5 things to know: 14 July 2017
 
5 things to know: 14 July 2017
14 JULY 2017 9:41 AM

From the desks of the Hotel News Now editorial staff:

  • Choice announces CEO succession plan
  • Federal court rules grandparents exempt from travel ban
  • Hoteliers embrace culture during comic-cons
  • Hotel construction pipeline surges in global markets
  • Americans’ summer vacation spending projected to top $100b

Choice announces CEO succession plan: Choice Hotels International President and COO Patrick Pacious will succeed Stephen Joyce as president and CEO, effective 1 January 2018, the company announced in a news release.

Joyce, who has held the top position at Choice since 2008, will continue as president and CEO through the end of the year, at which point he will assume the role of vice chairman of the Board of Directors, according to the news release. Pacious, who joined the company in 2005, is expected to join the board of directors in September.

“Under Steve’s tenure as CEO, Choice Hotels has grown stronger. We are grateful for Steve’s leadership, passion for talent development, and his legacy of innovation and growth over the better part of a decade,” Chairman of the Board of Directors Stewart Bainum, Jr., stated in the news release. “When Steve joined Choice as CEO, he was immediately impressed with Pat’s strengths and talents, and by enhancing Pat’s roles over the years, Steve ensured that Pat is the clear choice to succeed him. Pat demonstrates exceptional vision, and has spearheaded innovations that cement our position as a hospitality and technology leader and pioneer, while further strengthening our strategic differentiation and our core values.”


Federal court rules grandparents exempt from travel ban: A federal judge in Hawaii has challenged the Trump administration’s definition of “a credible claim of a bona fide relationship” as a U.S. Supreme Court-imposed exception to a ban on travel to the U.S. from six Muslim-majority countries, reports The Washington Post.

U.S. District Judge Derrick Watson ruled Thursday night the exceptions to the travel ban, which went into partial effect on 29 June, “should be expanded to include grandparents, grandchildren, uncles, aunts and other relatives” of a person or entity in the United States, reports The Post.

The Trump administration previously granted exceptions to “spouses, parents, parents-in-law, children, sons-in-law and daughters-in-law, fiances and siblings of those already in the country,” but not grandparents, grandchildren, aunts, uncles, nieces, nephews, cousins, brothers-in-law and sisters-in-law, according to The Post story.

Meanwhile, Politico is reporting that a U.S. State Department cable sent to consulates has called for tighter standards for granting visas, to be implemented over a 50-day period. The cable stated that countries that do not comply with the new requirements—which include biometric images on passports and additional biographical information about travelers, including criminal records—could face bans on travel to the U.S. for “designated categories” of travelers, according to the Politico report.


Hoteliers embrace culture during comic-cons: Hoteliers in U.S. markets that are host to comic-con events, from New York to San Diego, are gearing up to host guests who might come dressed in capes and costumes, reports HNN’s Bryan Wroten.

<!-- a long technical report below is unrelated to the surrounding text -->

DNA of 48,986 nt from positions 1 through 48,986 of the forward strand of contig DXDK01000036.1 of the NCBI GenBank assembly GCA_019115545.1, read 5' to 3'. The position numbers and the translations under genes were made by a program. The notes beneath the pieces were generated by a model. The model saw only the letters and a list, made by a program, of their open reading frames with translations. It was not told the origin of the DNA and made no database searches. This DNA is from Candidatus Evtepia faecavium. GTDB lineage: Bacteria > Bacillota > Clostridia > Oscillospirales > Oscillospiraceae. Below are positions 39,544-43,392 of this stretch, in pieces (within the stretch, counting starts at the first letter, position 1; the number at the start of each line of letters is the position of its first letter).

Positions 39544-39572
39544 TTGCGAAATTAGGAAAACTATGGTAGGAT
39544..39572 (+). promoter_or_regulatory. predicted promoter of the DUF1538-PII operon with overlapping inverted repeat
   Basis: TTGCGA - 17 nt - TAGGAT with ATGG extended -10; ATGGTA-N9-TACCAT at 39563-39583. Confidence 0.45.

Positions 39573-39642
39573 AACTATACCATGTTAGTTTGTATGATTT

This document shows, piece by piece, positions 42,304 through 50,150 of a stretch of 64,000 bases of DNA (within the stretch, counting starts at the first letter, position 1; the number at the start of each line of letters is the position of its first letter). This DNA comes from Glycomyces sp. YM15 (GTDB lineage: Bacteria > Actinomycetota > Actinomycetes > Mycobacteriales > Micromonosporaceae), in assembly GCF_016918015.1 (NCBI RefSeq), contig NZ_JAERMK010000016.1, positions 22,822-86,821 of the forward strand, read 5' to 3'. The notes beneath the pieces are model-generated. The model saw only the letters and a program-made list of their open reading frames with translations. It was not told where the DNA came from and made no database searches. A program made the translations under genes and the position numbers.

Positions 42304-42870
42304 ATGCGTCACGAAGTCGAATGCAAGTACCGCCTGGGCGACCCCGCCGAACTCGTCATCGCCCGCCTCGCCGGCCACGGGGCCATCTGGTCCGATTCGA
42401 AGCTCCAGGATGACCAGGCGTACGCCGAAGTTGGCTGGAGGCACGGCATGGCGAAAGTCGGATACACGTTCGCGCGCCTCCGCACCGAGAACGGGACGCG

The staffs at hotels in those cities, sources said, get into the spirit of the pop culture craze to make the hotel stay a super experience for those guests.

“We encourage (staff) to wear their favorite superhero shirt,” said Patrick McTigue, director of sales and marketing at the Hilton San Diego Gaslamp Quarter, which is in the vicinity of San Diego Comic-Con. “We want fans to have that unique experience to know our team is here to complement that experience. We make sure they have that tremendous experience they’re looking to have by being authentic and celebrating our own pop-culture heroes throughout the week.”


Hotel construction pipeline surges in global markets: STR’s pipeline reports for June show significant year-over-year increases in hotel rooms under contract in the U.S., Europe, and the Asia Pacific and Caribbean/Mexico regions, while Central/South America saw a double-digit decline. (STR is the parent company of Hotel News Now.)

The pipeline growth was greatest in the Caribbean/Mexico region, which reported a 43.8% increase in rooms under contract (41,101 rooms in 236 hotel projects) compared with June 2016.

Also reporting double-digit year-over-year growth in rooms under contract were Europe (+17.5%, with 169,046 rooms in 1,100 hotel projects) and the U.S. (+11.6%, with 583,028 rooms in 4,836 projects). The Asia/Pacific region reported 6.2% growth in rooms under contract (612,210 rooms in 2,767 projects) for the month.

Central/South America reported a decrease of 11.2% with 58,925 rooms in 378 projects under contract.


Americans’ summer vacation spending projected to top $100b: A study by Allianz Travel Insurance projects Americans will spend more than $100 billion on vacations this summer, marking the first time summer vacation spending has crossed that threshold in the eight years of the company’s Vacation Confidence Index, according to a news release.

The vacation spending projection of $101.1 billion represents a 12.5% increase over last year, when Americans spent $89.9 billion, according to the news release.

“Americans are feeling better about the economy and have loosened their purse strings for summer 2017,” said Daniel Durazo, director of communications at Allianz Global Assistance USA, in the news release.


Compiled by Robert McCune.

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